Has there been more of a demand for early admission?  

I think of it more on a continuum if I look at Princeton’s history – we had early action at Princeton from 1977 to 1996 [and early decision until 2007]– so for 30 years Princeton had an early program, and for the last three, we have had one deadline. And it seemed to us that in paying attention to what was being reported in the Harvard student newspaper, that they’re serious about it, being the last school standing with only one deadline – that again, was not feasible in how competitive this world is.  

How about the effect on Princeton’s yield?  

Our competive peer group is exactly the same [as in prior years] – that’s no different. Clearly there was a difference in the yield when we went to a regular process, because if you have early decision where it’s binding, you get 100 percent of those candidates. So we did experience a difference in the yield, but we still had incredible classes; in fact better. … With early action, I don’t know what to anticipate in terms of actual numbers, but in terms of students who want to tell us that it’s their first choice, and we admit them and they come, there will be a group that will have a slightly higher yield. But that isn’t necessarily why we’re doing it; it will be one of the effects.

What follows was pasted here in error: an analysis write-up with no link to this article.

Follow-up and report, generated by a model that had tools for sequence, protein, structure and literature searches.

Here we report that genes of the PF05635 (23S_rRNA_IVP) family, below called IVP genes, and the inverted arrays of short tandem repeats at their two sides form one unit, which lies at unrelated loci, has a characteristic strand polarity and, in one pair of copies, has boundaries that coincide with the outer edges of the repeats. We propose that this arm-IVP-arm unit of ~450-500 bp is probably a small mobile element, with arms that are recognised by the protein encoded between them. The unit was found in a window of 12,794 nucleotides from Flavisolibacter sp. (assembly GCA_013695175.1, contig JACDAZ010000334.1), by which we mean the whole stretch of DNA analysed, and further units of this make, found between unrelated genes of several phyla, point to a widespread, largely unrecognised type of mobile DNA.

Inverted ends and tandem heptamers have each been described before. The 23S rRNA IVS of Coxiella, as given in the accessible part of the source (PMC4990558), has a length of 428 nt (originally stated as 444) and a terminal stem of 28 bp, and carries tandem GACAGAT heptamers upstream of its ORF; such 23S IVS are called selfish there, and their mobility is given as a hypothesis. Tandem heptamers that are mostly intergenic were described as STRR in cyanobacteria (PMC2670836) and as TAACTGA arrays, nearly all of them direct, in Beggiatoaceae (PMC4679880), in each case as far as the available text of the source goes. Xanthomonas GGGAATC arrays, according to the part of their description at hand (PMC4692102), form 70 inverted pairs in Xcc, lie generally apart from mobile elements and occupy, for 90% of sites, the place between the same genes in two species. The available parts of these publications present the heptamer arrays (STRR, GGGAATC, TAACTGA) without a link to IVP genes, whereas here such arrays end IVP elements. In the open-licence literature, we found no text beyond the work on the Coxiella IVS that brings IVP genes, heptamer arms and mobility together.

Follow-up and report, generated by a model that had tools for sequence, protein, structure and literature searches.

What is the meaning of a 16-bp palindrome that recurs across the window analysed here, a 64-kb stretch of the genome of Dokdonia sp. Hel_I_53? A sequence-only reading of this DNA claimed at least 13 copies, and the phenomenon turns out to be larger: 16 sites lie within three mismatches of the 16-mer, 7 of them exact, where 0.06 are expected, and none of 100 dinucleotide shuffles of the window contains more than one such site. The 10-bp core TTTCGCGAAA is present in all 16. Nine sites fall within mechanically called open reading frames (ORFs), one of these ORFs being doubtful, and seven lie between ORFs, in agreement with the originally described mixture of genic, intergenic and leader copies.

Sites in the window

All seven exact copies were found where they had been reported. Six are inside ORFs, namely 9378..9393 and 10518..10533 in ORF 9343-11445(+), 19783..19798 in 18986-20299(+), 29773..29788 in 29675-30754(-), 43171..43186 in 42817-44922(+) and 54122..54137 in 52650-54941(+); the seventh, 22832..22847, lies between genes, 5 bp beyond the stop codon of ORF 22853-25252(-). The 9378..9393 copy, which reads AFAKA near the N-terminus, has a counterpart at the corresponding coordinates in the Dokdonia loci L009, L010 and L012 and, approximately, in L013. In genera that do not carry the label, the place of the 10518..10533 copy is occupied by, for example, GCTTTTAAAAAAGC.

Were you concerned about losing students with multiple acceptances to other schools?  

Not necessarily, but I think we would have if we had been the only school without an early program. … I think we would have started seeing some real shifts if we hadn’t been paying attention, and we were paying attention.  

Has early admission been a frequent concern on the part of alumni since the 2006 announcement to go to a single admission deadline?

I heard many different responses from our alumni. When you make a decision, some like the decision; some are neutral; some of them disagree with it. I don’t know what to expect in terms of their reaction to this. But our decision to go to early action seemed again to us to be the best possible outcome for the students who are going through the application process – if they’re admitted, they know, and they have a financial-aid package, but they don’t have to tell us until May 1.  

Based on past experience, are legacy applicants more likely to apply early action?  

We haven’t had early action since 1996; I think early decision was different. I’ll be very interested to see what we get next fall. I don’t know the answer to that. And I think the world has changed considerably since we had early action before. There are a million more students graduating from high school now than there were in 1992; it’s very different, and I don’t know what to expect. It’s like trying to predict the stock market.